The Cost of the Proposals in the December 19 Democratic Debate
During the Democratic Presidential Debate on December 19, the three candidates on stage promoted proposals that could impact spending 41 times. Of these, 20 have verifiable cost estimates to increase outlays, one would be recorded in the budget as savings (though it is more akin to a tax), and 20 could have an impact on spending but the cost is indeterminate due to lack of specificity from the candidates.
- Clinton touted 15 proposals during the debate, 6 with verifiable estimates to increase spending by a $47.55 billion per year.
- Her most expensive debate proposal is to provide “debt-free tuition plans, and free community college plans.” Her campaign states that Clinton’s education plan would cost $350 billion over ten years, or $35 billion annually.
- Clinton was the only candidate with a proposal with a cost estimate to reduce outlays. However, her plan would require pharmaceutical manufacturers who participate in Medicare pay a higher “rebate” to the federal government. In the federal budget these “rebates” would be scored as offsetting receipts (negative spending) of $9.1 billion per year for the next five years. The Congressional Budget Office (CBO) notes that higher “rebates” could divert private investments from research and development of new products and that the cost of the rebates would likely be mitigated through higher prices for new drugs.
- Clinton also called for a new “refundable” tax credit (which can be claimed even if a filer has zero income tax liability) to cover out-of-pocket health expenses. While a specific estimate is not available, her campaign website states, “This tax cut will be fully paid for by demanding rebates from drug manufacturers and asking the most fortunate to pay their fair share.” Based on that statement, NTUF assumes the cost would be at least much as the "rebate" payments.'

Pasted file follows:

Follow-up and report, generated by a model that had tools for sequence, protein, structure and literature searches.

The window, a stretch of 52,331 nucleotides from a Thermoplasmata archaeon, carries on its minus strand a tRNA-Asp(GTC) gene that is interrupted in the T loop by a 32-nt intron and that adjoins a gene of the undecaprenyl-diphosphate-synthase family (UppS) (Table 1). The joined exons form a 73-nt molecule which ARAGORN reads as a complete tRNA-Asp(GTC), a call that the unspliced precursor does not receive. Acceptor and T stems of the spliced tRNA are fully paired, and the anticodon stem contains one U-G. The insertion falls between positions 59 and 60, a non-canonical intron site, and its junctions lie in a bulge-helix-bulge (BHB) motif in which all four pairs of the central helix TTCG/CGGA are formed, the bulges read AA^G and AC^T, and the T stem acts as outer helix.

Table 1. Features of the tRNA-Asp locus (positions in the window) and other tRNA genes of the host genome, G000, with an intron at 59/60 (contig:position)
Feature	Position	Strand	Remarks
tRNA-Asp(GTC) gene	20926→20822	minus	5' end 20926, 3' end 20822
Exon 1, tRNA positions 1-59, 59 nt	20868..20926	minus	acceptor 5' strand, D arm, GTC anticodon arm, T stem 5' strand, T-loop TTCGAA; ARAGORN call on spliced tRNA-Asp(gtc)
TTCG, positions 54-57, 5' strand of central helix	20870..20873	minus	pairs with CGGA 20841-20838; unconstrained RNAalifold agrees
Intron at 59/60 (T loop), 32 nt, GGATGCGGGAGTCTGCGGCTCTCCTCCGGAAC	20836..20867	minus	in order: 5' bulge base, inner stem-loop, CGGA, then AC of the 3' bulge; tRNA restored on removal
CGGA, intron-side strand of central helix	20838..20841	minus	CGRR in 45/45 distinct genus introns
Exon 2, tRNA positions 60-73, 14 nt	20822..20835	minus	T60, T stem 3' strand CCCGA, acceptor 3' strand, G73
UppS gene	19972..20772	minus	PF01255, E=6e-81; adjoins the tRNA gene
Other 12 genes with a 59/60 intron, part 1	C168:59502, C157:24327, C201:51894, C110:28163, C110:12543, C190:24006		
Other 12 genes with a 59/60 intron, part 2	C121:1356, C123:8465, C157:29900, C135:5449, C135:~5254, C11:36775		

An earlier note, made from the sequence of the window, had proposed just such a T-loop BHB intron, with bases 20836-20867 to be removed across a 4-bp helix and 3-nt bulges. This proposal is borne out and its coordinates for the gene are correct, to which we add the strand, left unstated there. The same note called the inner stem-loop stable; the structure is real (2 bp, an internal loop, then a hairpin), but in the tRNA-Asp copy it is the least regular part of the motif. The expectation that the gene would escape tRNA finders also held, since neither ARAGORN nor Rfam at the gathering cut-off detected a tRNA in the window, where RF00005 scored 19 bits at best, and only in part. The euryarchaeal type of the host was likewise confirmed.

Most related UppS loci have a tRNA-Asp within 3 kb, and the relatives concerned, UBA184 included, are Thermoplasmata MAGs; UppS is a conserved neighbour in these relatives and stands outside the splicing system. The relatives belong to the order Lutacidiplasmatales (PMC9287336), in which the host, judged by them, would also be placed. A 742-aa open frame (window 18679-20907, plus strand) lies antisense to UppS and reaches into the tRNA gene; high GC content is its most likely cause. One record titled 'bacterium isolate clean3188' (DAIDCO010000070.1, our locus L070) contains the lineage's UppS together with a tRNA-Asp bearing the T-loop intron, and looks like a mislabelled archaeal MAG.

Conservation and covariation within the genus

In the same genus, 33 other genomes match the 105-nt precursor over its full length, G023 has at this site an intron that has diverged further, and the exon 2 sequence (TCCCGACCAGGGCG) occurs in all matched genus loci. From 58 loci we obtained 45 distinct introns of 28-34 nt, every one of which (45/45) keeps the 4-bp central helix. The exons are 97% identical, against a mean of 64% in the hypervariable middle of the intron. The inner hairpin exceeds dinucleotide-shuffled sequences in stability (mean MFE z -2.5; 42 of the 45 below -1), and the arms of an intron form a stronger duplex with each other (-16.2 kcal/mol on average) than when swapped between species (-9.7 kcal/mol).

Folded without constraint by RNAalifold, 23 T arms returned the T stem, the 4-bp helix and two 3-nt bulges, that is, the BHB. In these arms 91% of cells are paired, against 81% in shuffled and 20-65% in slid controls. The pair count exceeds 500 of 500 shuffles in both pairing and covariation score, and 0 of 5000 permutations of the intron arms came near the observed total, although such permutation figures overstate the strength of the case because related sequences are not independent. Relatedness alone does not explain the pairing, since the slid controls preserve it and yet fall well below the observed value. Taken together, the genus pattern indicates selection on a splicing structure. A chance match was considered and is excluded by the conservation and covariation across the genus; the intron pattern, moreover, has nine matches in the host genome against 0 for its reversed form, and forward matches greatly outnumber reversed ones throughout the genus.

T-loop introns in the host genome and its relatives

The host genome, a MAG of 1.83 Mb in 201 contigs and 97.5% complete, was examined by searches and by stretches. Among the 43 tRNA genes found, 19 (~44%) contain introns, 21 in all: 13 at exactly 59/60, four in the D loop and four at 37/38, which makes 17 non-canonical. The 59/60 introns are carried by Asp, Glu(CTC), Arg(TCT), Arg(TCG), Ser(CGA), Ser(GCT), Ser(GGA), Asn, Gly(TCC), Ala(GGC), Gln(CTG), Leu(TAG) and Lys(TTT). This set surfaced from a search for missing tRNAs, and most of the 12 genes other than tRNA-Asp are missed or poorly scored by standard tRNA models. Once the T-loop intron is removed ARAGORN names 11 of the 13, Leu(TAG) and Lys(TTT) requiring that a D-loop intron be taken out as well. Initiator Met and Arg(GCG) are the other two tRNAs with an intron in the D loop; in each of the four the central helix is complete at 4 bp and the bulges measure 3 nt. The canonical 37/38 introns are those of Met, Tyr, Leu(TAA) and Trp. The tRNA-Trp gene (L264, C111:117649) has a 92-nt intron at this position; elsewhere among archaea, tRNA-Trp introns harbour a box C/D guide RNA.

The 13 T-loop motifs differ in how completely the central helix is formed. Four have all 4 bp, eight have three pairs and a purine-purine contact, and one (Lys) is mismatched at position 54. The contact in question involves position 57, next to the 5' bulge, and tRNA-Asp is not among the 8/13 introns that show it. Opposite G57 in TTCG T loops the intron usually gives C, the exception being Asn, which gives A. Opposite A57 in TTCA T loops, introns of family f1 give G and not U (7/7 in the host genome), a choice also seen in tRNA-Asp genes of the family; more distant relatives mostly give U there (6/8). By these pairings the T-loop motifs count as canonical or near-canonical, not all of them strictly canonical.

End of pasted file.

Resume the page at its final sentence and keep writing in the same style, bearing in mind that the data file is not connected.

- O’Malley’s debate agenda included six proposals with verifiable costs of $80.4 billion per year, no verifiable spending reductions, and seven proposals whose costs are currently unknown.
- His most expensive proposal is a plan for a “100 percent clean electric grid by 2050” which would include a cap-and-trade program to increase taxes and use the receipts to boost federal spending. A CBO analysis of related cap-and-trade legislation estimated that spending would increase by $286 billion (inflation adjusted) over five years.
- His second most expensive proposal involves a plan to allow refinancing of student loans. Related legislation introduced by Senator Elizabeth Warren would increase spending by a net of $58 billion over three years.
- Proposals with indeterminate costs include a plan to boost Pell Grants and a “new agenda for America’s cities” to boost federal spending on transportation and housing.
- Sanders listed 8 proposals to increase spending by $1.769 trillion annually, had no verifiable spending reductions, and five additional proposals that could have an impact on spending but the estimates are indeterminate.
- NTUF originally scored Sanders’ Medicare for All proposal based on an older CBO of a related single player plan adjusted for inflation at $824 billion per year. However, a Sanders’ staffer said that an updated cost cited in the Wall Street Journal of $15 trillion in new spending over ten years is “a fair estimate.”
- Sanders also proposed a $1 trillion program to boost federal spending on infrastructure over the next five years, or $200 billion annually.
A detailed analysis of each proposal and cost estimate is available in a Google spreadsheet.